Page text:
The third has to do with craniocervical junction compression or "settling". It is well known that we all lose height as we grow older. This is due to the compression of spinal column discs over several decades of life. The skull also settles to some extent on the spine over time as well. This craniocervical settling may result in pushing the tonsils further down into the spinal canal to cause CSF blockage and symptom onset. To what extent this process may contribute to the progression of the syndrome could also be further explored. However, since the average age at which symptoms emerge in patients is only 25, this factor seems less likely.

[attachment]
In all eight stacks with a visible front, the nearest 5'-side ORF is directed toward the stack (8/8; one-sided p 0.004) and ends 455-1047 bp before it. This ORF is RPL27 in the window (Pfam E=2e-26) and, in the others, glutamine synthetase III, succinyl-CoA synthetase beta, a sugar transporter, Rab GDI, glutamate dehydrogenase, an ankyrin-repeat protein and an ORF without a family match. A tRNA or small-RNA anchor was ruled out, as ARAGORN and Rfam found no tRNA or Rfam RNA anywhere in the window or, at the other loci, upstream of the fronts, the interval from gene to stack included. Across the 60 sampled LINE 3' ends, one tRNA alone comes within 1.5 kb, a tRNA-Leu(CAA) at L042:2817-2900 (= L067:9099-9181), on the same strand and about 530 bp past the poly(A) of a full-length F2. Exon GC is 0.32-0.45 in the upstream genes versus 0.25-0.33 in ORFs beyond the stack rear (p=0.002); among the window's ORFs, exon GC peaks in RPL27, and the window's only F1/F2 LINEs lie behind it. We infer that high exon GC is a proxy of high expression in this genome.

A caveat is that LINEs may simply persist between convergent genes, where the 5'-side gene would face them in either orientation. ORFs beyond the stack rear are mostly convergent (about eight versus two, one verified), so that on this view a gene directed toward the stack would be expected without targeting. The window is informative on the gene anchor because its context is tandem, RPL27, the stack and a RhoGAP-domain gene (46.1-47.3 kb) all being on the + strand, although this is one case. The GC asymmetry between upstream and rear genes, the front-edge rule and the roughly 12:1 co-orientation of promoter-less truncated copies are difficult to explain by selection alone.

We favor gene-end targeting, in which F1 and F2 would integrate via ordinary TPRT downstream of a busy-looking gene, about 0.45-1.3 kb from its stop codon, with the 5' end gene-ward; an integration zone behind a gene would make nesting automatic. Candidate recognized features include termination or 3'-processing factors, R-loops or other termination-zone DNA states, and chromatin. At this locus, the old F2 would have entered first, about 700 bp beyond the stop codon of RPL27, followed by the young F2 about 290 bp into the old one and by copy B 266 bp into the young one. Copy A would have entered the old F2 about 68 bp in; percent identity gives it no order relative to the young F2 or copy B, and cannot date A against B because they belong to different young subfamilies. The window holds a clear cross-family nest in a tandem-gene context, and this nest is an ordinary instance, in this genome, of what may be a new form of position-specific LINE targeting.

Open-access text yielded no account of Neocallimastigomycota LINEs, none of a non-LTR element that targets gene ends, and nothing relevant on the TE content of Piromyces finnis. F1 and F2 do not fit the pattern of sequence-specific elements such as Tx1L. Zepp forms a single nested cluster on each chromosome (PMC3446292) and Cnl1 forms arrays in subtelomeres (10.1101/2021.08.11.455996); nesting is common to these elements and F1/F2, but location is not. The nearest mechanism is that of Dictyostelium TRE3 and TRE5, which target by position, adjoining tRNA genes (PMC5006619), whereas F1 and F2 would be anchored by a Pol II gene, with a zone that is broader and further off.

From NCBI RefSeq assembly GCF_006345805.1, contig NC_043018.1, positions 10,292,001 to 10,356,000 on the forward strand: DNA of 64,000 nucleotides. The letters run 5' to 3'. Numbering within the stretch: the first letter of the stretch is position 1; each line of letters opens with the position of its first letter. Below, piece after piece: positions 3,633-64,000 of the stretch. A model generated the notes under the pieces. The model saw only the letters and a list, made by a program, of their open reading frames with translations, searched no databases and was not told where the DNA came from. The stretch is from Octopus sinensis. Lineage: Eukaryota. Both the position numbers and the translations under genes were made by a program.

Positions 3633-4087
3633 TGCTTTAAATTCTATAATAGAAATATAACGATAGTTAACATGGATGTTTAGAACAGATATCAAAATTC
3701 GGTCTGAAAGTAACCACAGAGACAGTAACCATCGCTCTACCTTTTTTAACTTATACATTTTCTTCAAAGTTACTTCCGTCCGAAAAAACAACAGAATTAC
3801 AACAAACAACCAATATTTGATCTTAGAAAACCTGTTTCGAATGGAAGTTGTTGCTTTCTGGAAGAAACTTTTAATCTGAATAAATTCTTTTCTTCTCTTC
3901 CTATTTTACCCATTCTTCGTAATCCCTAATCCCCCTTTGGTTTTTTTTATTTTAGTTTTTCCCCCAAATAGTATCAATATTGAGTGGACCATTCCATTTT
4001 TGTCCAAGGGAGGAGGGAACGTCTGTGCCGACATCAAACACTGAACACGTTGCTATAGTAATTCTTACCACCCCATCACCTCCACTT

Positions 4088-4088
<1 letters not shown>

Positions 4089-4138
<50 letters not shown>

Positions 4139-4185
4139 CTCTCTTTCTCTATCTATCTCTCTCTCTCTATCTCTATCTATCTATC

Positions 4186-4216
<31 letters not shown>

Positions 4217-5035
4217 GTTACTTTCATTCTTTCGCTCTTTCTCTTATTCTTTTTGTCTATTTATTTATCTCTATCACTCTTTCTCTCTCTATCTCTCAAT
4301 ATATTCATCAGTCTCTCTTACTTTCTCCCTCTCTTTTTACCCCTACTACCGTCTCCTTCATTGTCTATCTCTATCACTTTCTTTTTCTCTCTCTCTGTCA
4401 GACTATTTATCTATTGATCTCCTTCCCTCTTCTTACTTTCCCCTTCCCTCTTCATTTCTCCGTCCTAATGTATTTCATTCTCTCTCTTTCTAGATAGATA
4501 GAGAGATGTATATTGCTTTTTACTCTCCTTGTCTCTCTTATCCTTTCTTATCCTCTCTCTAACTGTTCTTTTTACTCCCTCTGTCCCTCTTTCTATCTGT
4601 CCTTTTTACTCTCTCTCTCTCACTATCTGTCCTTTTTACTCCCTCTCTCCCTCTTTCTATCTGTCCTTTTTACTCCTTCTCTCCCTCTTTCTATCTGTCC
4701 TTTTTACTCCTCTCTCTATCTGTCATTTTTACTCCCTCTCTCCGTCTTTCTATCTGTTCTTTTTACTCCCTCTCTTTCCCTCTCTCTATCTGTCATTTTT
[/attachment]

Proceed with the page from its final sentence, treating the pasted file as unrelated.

It is important to realize that basic research to understand the pathogenesis only represents the very first step. Discovering a new class of drugs to intervene in the disease process would be the next major hurdle, followed by an extensive search for a specific molecule that is not only effective--but safe. If that weren't enough of a challenge, there would remain the challenge of screening and diagnosing people at risk before any drug treatment could be effectively utilized. At present, most Chiari patients are only diagnosed after prominent symptoms emerge, and it is not practical nor within the financial means of the healthcare system to provide MRI scans on everyone. Net, some affordable and effective means for identifying patients with Chiari malformations who are at risk of developing symptoms would be needed.